Wall Street opens at half mast after disappointing recovery figures in China

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Wall Street opens at half mast after disappointing recovery figures in China

The New York Stock Exchange opened at half mast on Monday, worried about disappointing figures on the Chinese economy and the Fed’s upcoming moves, while the situation in Afghanistan darkened investor moods further.

Around 4:15 p.m. GMT, the Dow Jones index fell 0.38% to 35,380.51 points. The extended S&P 500 index lost 0.55% to 4,442.28 points and the Nasdaq dropped 1.30% to 14,628.80 points. On Friday, the Dow Jones and the S&P 500 ended on record highs and the Nasdaq was flat.

Disappointing activity data in China weighed on the market. Retail sales growth slowed much more than expected in July to 8.5% from 11.5% expected and industrial production slowed to 6.4%, more than expected. “This suggests that the Chinese economy is weakening and this is the main reason why the market is skeptical today,” said Peter Cardillo of Spartan Capital. These data “show that there was also a downward revision of Chinese GDP projections in the third quarter,” warned Karl Haeling of LBBW.

The situation in Afghanistan, where the Taliban forces took control, “triggered some geopolitical angst” in the market, in the words of Patrick O’Hare of Briefing, without however becoming a fear factor. Yields on ten-year Treasuries edged down to 1.22% from 1.27% showing that some investors were turning to Treasuries for their safe haven. “I have seen some comments that the turmoil in Afghanistan may have played a role in the rise in bond yields but I don’t think it will last,” said Karl Haeling. “Afghanistan is such a small economy and is not connected to the global economy, I don’t think it’s going to have an impact,” said the analyst. “What is happening is embarrassing for the United States and it is very sad but I do not think it will have a lasting impact on the market,” he continued. “If things were to get worse, it could become a problem for the market,” added Peter Cardillo.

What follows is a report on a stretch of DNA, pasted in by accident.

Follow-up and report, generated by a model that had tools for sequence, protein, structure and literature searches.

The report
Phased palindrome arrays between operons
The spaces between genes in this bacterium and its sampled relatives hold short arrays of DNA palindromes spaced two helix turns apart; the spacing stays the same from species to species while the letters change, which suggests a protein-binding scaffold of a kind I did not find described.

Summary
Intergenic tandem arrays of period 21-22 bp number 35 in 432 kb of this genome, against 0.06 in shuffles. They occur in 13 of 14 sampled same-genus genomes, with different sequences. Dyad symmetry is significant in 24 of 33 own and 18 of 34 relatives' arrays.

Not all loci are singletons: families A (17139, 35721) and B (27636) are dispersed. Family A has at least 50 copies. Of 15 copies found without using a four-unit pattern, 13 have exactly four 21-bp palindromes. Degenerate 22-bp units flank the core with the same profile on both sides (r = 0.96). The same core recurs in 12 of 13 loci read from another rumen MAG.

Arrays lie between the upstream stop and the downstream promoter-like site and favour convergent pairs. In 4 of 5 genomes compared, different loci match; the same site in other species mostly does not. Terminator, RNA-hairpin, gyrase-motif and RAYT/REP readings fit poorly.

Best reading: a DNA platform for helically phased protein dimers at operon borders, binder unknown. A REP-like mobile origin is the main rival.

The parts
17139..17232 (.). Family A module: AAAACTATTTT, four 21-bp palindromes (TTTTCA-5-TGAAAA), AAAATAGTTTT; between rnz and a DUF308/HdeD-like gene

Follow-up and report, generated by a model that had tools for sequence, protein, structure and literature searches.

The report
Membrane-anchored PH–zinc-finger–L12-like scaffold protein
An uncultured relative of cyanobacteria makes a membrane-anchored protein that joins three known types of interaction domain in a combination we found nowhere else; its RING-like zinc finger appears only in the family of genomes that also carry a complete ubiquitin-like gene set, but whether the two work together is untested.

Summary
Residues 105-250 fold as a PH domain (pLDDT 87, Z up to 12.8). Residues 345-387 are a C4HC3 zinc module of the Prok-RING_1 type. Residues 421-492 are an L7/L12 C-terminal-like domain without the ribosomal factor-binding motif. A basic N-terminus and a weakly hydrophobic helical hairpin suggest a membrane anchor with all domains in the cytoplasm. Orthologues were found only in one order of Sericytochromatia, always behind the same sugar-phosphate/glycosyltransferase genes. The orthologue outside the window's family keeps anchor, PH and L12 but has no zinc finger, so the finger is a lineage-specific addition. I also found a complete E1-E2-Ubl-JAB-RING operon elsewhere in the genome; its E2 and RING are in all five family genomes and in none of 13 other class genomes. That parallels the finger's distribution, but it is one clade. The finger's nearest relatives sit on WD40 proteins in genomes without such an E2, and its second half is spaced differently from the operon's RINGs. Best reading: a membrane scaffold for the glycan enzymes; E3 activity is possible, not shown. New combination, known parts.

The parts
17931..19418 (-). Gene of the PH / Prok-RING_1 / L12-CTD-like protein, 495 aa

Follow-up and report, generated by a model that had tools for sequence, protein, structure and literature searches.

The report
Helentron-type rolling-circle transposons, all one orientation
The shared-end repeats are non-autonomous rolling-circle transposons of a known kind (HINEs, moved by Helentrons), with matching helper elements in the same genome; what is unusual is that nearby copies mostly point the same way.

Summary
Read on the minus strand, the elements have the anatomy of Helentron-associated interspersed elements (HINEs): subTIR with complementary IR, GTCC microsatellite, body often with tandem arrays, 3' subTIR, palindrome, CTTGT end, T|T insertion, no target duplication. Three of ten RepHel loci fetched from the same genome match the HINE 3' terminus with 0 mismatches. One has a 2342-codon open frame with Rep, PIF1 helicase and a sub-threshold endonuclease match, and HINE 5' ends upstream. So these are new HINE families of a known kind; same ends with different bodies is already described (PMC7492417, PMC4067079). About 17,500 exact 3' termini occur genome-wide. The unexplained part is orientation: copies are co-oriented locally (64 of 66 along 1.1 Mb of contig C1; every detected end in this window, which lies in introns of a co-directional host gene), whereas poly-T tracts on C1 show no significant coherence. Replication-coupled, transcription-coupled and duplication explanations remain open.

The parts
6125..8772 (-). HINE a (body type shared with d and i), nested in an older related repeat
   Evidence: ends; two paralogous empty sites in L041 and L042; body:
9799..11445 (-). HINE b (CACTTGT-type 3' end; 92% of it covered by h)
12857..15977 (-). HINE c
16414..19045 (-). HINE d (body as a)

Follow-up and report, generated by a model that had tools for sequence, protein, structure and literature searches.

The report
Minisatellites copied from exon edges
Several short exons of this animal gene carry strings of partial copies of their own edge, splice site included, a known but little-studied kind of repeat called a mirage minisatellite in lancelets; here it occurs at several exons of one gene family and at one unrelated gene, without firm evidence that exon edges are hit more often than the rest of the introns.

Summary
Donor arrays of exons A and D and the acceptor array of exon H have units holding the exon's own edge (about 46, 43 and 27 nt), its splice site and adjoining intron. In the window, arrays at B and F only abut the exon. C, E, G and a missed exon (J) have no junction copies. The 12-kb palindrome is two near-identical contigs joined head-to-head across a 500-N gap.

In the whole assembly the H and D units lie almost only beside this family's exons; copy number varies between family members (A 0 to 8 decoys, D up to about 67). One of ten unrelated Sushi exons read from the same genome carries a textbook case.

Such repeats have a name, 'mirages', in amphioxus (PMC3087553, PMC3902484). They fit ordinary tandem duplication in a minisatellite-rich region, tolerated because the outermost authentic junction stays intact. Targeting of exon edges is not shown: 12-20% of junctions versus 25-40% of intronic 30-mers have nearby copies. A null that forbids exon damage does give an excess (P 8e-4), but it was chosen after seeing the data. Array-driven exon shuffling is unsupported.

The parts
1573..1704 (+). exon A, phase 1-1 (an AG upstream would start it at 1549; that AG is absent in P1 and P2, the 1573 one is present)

Investors were also on alert vis-à-vis the American Central Bank (Fed), which could announce its plans to reduce its monetary support as early as next month. “The consensus is growing on the fact that the Fed could announce a decrease in its asset purchases in September,” according to the Spartan Capital analyst.

Side shares, Tesla lost 4.79% to 682.76 dollars. The American road safety agency (NHTSA) announced Monday the opening of a preliminary investigation into the driving assistant of the manufacturer of electric vehicles, known as “Autopilot”, after a series of eleven accidents.